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Pope Francis gave the go-ahead on Friday for his late predecessor John Paul II to be made saint by the end of the year and granted a rare exception for John XXIII to be canonised at the same time.
The Vatican said Francis gave his widely expected formal approval to a second miracle attributed to John Paul II at a meeting with Cardinal Angelo Amato, head of the Congregation for the Causes of Saints.
Details of the supposed miracle have not been revealed.
In the case of John XXIII, however, Francis "approved the favourable votes" from the Congregation for the canonisation even though no second miracle has been found, in a break with the usual procedure.
A consistory, a meeting of cardinals, will now be held to determine the exact date for the canonisations but Vatican spokesman Federico Lombardi said they would take place "before the end of the year".
The long road to sainthood normally requires two "confirmed" miracles, the first of which is necessary for beatification, a hurdle the Polish pope cleared just six months after his death in 2005.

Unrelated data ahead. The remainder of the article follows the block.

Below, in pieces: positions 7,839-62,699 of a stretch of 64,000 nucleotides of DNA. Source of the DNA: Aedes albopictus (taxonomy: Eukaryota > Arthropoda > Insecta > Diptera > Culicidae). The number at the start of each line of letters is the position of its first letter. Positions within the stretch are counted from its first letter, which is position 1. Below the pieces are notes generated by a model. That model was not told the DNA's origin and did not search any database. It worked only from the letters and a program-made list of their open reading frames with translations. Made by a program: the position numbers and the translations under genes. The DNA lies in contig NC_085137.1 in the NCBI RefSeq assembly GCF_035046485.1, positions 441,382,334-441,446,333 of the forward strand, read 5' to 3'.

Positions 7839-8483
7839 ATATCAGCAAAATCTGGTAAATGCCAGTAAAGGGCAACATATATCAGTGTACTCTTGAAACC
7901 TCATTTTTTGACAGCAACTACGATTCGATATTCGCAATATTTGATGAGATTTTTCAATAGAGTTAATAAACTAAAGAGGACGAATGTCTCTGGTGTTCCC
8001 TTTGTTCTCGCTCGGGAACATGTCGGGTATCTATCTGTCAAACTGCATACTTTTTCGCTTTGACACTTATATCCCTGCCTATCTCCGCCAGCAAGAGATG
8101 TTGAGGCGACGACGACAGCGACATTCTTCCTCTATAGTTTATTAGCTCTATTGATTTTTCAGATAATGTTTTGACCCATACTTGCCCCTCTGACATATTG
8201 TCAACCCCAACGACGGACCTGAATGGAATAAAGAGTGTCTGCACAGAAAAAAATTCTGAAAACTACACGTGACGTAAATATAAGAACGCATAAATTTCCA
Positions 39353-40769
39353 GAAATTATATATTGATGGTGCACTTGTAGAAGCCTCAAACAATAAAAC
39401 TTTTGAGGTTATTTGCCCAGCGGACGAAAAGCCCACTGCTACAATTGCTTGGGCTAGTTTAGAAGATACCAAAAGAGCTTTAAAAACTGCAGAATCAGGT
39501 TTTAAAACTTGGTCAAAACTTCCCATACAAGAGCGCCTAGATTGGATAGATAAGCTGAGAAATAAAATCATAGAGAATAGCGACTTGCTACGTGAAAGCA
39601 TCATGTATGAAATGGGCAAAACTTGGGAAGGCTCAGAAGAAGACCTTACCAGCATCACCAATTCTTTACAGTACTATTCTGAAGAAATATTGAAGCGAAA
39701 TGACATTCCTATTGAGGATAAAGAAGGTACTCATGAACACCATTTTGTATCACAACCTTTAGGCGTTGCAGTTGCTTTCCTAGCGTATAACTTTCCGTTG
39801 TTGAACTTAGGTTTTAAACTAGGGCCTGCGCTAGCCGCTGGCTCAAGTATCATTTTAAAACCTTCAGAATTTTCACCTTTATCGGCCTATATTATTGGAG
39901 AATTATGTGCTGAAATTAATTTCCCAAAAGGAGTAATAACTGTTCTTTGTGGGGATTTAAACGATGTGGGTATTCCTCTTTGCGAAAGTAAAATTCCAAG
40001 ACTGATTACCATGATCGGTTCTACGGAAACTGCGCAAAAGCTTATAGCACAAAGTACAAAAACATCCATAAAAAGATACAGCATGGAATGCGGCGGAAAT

That was the healing of a French nun, Sister Marie Simon-Pierre, whose recovery from Parkinson's disease after praying for the late John Paul II's "intercession" apparently had no medical explanation.
John Paul II was hugely popular through his 27-year papacy, and at his funeral in 2005, crowds of mourners cried "Santo Subito!" -- which roughly translates as "Sainthood Now!"
Nicknamed "The Good Pope", John XXIII reigned from 1958 to 1963 and made his name by calling the historic Second Vatican Council (1962-1965) which overhauled and modernised the Catholic Church's rituals and doctrines.
He is often compared to Pope Francis for his pastoral attitude and charisma.
Asked about the exemption made by Francis, Lombardi said this was "a very specific case".
"Everyone knows the virtues and the personality of pope (Angelo) Roncalli, there is no reason to explain the reasons for his sanctity," he said.